Watertown’s sales tax revenue is down slightly from this time last year, but local shops are pushing through the pandemic by adapting or changing their business models.

One of the places most suited to meeting the moment is the Stardust Drive-In Theater, which has been able to book high-profile musicians like Keith Urban and TobyMac for drive-in concerts alongside its usual film screenings.

“Having that venue has always been great, but certainly during this time,” Watertown Mayor Mike Jennings said. “It’s given people an opportunity for families to get together in an outdoor environment that’s almost social distancing by definition. People get stir-crazy inside, and this is something people can go out and do while activities like baseball are cancelled.”

Hundreds of visitors have travelled to the drive-in for a chance to hear live music again, though local restaurants say the impact on their own business has been minimal at best.

“We’ve had some people come through and say they were going to Stardust,” Sassy Pecan owner Ka Small said. “We’re pulling people especially from Lebanon and Mt. Juliet because word of mouth is getting out.”

Small said the Sassy Pecan’s sales have multiplied over the past few months after shifting focus toward sandwich and salad lunches. Although the restaurant started serving meals in January, it was primarily known for candies and baked goods before COVID-19.

“When this all started I felt panic, honestly,” she said. “We had no idea how our business was going to do since we’d only been in Watertown for 6 ½ months. But you can either let panic and fear grip you, or you can find out a way to adapt.”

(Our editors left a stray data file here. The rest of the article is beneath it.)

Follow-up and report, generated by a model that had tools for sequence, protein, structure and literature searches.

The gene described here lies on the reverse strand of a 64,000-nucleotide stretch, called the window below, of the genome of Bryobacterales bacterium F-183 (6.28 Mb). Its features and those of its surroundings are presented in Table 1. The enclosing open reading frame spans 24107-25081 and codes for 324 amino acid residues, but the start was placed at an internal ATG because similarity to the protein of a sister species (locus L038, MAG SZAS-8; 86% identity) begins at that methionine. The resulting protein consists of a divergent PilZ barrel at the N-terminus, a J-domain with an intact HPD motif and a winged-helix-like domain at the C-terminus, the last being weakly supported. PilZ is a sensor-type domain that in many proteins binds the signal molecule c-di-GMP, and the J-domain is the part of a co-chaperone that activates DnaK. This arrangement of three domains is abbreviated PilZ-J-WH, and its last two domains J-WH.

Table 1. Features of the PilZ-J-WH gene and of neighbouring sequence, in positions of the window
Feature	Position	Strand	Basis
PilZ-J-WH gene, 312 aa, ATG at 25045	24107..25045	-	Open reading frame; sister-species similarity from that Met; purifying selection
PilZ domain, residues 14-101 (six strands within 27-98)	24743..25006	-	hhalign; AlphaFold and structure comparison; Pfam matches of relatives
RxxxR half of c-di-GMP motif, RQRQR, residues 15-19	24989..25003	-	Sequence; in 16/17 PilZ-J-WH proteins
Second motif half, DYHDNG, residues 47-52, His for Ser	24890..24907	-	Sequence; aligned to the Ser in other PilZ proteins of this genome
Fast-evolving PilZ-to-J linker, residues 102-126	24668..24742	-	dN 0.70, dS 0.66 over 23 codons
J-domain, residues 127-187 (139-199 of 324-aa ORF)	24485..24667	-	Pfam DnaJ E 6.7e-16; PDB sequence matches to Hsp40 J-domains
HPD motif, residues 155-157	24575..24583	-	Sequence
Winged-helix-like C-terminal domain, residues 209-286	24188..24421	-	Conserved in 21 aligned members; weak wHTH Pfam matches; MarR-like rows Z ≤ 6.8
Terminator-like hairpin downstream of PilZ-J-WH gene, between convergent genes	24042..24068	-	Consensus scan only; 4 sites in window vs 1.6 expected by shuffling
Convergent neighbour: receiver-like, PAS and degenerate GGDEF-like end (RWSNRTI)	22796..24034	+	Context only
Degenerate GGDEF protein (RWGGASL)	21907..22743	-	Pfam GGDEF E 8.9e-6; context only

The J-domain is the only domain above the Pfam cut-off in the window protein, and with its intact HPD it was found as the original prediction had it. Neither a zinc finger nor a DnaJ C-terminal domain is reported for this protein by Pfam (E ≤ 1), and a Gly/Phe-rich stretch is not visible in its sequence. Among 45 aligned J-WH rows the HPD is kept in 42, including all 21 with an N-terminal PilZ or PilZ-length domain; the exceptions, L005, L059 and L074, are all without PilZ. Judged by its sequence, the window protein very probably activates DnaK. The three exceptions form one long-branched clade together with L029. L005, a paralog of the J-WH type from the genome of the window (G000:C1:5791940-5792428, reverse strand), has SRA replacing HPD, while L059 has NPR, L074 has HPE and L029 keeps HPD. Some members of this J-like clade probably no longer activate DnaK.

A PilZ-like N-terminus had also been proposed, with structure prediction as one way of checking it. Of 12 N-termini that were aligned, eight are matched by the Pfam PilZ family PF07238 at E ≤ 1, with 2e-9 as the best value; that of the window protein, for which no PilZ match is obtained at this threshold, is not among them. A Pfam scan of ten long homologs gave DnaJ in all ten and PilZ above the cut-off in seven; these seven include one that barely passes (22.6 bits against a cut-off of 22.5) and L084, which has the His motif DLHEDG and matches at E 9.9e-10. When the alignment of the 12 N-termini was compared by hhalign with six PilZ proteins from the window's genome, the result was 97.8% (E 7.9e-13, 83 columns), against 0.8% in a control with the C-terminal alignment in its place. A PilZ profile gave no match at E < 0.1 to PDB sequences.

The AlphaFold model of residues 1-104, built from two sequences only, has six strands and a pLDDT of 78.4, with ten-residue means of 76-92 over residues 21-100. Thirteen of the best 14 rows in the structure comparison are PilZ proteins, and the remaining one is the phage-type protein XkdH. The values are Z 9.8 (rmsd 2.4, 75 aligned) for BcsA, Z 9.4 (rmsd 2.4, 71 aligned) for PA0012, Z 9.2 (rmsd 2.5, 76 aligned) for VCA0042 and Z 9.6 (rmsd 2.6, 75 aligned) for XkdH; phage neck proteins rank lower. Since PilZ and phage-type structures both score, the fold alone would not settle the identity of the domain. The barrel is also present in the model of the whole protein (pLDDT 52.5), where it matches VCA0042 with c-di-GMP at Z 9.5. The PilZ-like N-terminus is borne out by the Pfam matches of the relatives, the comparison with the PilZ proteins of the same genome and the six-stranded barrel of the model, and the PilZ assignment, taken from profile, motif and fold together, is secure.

ScratchPad Arts & Décor, an art studio typically used as an event venue, is also changing course toward its furniture sales and renovation. Owner Holly Artlip said the furniture business has helped keep the lights on, but the store’s long-term success depends on resuming events.

“Right from the beginning of COVID-19 we stalled out,” she said. “Before that we’d increased our traffic so much that instead of having walk-ins we had to transition into being an event-only venue … so we went from moving in a phenomenal direction to having nothing.”

Artlip is reintroducing events this weekend with an Independence Day-themed flag and fireworks paint workshop, and she hopes families will feel safe enough that she can continue them.

“We enjoy the décor, but that was never our overall intention,” she said. “Business seems OK at this point, but we still don’t have as much traffic as we used to. Going forward, I think it’s going to be touch-and-go.”

Other businesses have revamped their distribution methods, including Depot Junction Café. James and Debbie Stephens have owned the restaurant for nearly 30 years, but found new customers discovered it from delivery and curbside pickup.

“We had not offered delivery before that, and once we opened back up we saw that a lot of people want to come in and sit down,” Debbie Stephens said. “I can tell you we were very discouraged at first because we were not doing much at all, and I had to cut staff down.”

Depot Junction avoided firing any workers by taking employees with second jobs off their shifts, and has since brought in enough money to hire three new employees.

“We’ve been doing really good,” Debbie Stephens said. “Without folks coming in to take seats, it was hard at first, but curbside pickup and delivery really helped. And a lot of it is also thanks to our existing loyal customers.”

Since sales tax figures run a few months behind, Watertown is still waiting for some of the data related to store closures — but Jennings said he is optimistic about how business owners are responding.

“I think the business community as a whole has been doing great,” he said. “You’ve seen several of them adapting, and then you have places like grocery stores and retailers that have stayed open. People also seem to be socially distancing, so I’m hoping that helps us get back to normalcy sooner than later.”

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